With the exception of a very few (for example Chelsea Fine’s “Sophie & Carter“) I get unabashedly irritated with short novels. Not all short novels mind you; the ones that have a beginning, middle and an end (aka novellas) aren’t so bad. But series novels that stop when they just get started drive me insane. So imagine my angst when I found out that I (excitedly) agreed to review an 89 page fantasy novel. (*gasp*)
Luckily for me (and Ms. Tyler since I tend to go off on people that annoy me) if this novel had been even 1 page longer my opinion of it may not be quite so friendly.
See…contrary to popular belief (and by popular belief I mean my son) I do enjoy things other than books. One of those things is TV. That’s right…I am a TV whore. One of the reasons I like TV so much is the anticipation of what will come next. (kind of like books without the years worth of waiting in between) What does this have to do with “Two Moons of Sera?” Absolutely nothing…I enjoy being wildly random. (Just kidding; I’m not that mean.) What struck me about Tyler’s work was that it read like a very well written pilot episode that flipped to credits at the exact moment that you were sucked in.
So why wasn’t I horrified by this? To be honest…I’m not quite sure (maybe I’m feeling generous due to the holiday season) but the fact remains that despite it’s untimely ending, I REALLY enjoyed this book!
Now, before I go on…let me first tell you what the book is actually about.
“In a world where water and earth teem with life, Serafay is an anomaly. The result of genetic experiments on her mother’s water-borne line Serafay will have to face the very people responsible to discover who she really is. But is she the only one?”
For a book so short, I would be remiss if I didn’t point out how beautifully detailed it was. Despite it’s lightning pace and it’s under-developed plot (only because this was very obviously a “set-up” novel for the series) Tyler’s descriptions were vast and abundant, creating a world only her artists mind could dream up. In fact…this detail alone makes me wonder what Tyler could have created if she had allowed her writing scale (length) a little more freedom.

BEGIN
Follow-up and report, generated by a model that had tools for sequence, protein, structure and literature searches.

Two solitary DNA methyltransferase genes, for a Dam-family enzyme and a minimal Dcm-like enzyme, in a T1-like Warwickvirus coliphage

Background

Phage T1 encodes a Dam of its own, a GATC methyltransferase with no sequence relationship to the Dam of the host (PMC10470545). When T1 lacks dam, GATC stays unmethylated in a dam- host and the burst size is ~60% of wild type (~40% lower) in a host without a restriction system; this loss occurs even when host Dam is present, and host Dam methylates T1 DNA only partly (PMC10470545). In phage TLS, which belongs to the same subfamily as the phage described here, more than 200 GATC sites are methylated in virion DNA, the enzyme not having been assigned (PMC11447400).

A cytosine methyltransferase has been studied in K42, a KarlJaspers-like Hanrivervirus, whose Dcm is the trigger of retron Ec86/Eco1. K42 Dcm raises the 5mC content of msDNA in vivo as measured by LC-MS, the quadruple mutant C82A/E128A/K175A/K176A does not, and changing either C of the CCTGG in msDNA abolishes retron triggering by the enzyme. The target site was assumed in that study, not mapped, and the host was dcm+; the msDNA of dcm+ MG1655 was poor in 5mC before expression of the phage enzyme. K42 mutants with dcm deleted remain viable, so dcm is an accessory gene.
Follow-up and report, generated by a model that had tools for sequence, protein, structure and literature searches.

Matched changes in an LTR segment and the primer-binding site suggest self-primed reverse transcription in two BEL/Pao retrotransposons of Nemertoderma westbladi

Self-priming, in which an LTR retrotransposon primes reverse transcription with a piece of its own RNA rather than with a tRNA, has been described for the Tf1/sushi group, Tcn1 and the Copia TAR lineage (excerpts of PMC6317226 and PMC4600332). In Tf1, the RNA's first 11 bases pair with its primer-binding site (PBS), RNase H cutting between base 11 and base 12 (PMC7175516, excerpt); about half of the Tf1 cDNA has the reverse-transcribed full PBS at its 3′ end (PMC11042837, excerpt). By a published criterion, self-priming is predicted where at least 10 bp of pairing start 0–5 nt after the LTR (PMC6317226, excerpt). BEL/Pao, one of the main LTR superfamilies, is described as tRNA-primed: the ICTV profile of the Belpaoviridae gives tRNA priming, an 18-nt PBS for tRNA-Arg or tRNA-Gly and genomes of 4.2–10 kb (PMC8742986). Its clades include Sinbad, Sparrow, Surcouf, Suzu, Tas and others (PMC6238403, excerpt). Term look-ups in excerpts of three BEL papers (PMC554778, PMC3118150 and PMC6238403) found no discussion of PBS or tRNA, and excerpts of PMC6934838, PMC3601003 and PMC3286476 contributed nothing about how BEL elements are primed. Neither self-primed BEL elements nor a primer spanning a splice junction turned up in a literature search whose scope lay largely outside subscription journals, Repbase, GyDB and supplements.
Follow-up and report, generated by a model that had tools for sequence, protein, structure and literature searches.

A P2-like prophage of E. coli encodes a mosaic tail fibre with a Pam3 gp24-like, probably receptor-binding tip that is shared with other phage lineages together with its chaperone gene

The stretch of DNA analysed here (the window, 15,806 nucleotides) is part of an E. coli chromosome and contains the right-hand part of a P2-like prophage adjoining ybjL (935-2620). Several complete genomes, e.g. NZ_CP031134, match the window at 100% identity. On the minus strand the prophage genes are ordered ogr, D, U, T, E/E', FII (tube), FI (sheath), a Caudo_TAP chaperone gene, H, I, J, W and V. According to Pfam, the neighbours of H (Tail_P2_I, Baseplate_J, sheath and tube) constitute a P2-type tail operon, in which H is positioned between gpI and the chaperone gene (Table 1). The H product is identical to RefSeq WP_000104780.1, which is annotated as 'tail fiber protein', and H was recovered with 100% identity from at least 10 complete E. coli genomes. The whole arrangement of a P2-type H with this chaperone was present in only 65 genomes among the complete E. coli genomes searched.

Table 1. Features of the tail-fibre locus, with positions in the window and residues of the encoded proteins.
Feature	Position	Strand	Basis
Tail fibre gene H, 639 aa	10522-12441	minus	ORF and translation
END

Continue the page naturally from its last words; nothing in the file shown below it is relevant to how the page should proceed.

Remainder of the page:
The dialogue (and character building) however is where I think Tyler really left her mark. While her lead character Serafay was well spoken her counterpart Tor was not. His language skills where underdeveloped and his mannerisms brusk causing tension and moments of emotional flare-ups that may have been absent if they were on the same level.
And…as if that wasn’t enough, there were some killer life lessons strewn throughout the read.
“It’s easy not to care when you have what you want. It’s the longing that makes us act the fool.”
“It’s difficult to identify the void within you until something fills it, showing you the piece that had been missing all along.”
So what is my overall impression of this teeny tiny teaser of a novel?
Great start to a promising series that, (if Tyler maintains her style of writing) won’t take up too much of your time but is sure to entertain.
Happy reading my fellow Kindle-ites and remember: share your similarities and celebrate your differences.
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